Tens of thousands join 'Lawyers of the Left' Facebook group, sign Bannon protest letter
Chicago protesters hold signs opposing the appointment of Stephen Bannon during a march on Nov. 19. Photo by Derek Henkle / Shutterstock.com.
A law professor and a legal marketer apparently struck a chord when they appealed to lawyers disappointed in the election results and with a key appointment by Donald Trump.
Nearly 120,000 people had joined an invitation-only Facebook group called Lawyers of the Left as of Monday morning, Robert Ambrogi reports for Above the Law. More than 10,000 lawyers signed a letter within 48 hours that objected to the appointment of Breitbart News chief Stephen Bannon as chief White House strategist. Above the Law reports on Traci Feit Love, the Harvard law graduate and legal marketer who created the Facebook group, while Bloomberg Big Law Business spoke with a law professor who wrote the protest letter.
Legal marketer Traci Feit Love says her initial goal was to find 150 lawyers to join her Facebook group. Her idea, she wrote, was hatched after she saw Facebook posts from lawyers who proposed positive action after the election. “I thought to myself: Why not create a small Facebook group where those action-minded lawyers could really start making a difference?” Love wrote.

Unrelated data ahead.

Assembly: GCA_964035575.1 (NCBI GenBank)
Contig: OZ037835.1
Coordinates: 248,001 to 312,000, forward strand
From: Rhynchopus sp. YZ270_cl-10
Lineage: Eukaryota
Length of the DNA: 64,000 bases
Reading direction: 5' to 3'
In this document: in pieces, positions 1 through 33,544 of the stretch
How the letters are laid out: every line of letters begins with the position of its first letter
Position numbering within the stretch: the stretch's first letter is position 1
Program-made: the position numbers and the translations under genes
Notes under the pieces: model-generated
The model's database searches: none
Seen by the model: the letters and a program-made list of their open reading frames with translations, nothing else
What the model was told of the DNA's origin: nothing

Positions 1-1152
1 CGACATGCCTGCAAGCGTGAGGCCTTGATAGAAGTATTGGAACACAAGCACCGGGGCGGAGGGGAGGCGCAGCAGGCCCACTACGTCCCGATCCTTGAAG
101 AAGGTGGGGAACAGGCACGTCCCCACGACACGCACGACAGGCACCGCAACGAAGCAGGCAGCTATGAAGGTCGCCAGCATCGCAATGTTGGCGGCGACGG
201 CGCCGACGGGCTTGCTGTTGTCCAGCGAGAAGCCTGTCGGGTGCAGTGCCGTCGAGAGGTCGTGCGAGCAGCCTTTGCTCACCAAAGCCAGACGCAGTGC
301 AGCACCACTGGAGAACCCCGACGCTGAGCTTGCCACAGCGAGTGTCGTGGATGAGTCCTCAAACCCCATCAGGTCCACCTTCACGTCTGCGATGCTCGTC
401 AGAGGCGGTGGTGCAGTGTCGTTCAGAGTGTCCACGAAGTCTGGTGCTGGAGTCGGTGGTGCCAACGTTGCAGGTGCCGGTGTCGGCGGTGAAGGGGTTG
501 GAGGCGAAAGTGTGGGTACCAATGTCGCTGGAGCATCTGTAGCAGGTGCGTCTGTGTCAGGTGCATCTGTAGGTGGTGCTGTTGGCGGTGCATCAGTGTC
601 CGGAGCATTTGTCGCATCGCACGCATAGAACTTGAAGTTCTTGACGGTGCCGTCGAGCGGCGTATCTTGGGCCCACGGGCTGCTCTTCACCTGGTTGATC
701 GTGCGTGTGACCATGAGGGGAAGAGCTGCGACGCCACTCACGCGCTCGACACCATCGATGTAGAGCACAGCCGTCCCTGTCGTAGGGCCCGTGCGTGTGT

One of the Facebook group’s initial plans is to coordinate among members attending the Women’s March on Washington on the day after the inauguration.
University of Denver law professor Nancy Leong wrote the protest letter with colleagues Lindsey Webb and Robin Walker Sterling. Her goal was to get a couple hundred lawyers to view and repost the letter. More than 10,000 lawyers had signed the letter in less than 48 hours. The letter calls on Congress to ask Trump to rescind Bannon’s appointment.
Leong tells Bloomberg that lawyers across the political spectrum have signed the letter. “It’s not just that people disagree with Stephen Bannon,” she said. “It’s that people from across the political spectrum think he’s unacceptable in a qualitatively different way. It’s a difference of kind, not degree. I think that comes from his alliance with white supremacist causes, and from the alarming statements he’s made over the years about wanting to undermine the government institutions that as lawyers we swore an oath to uphold and to serve and to protect.”
Leong’s letter had 12,000 lawyer signatures when she submitted it to Congress on Friday, TaxProf Blog reports.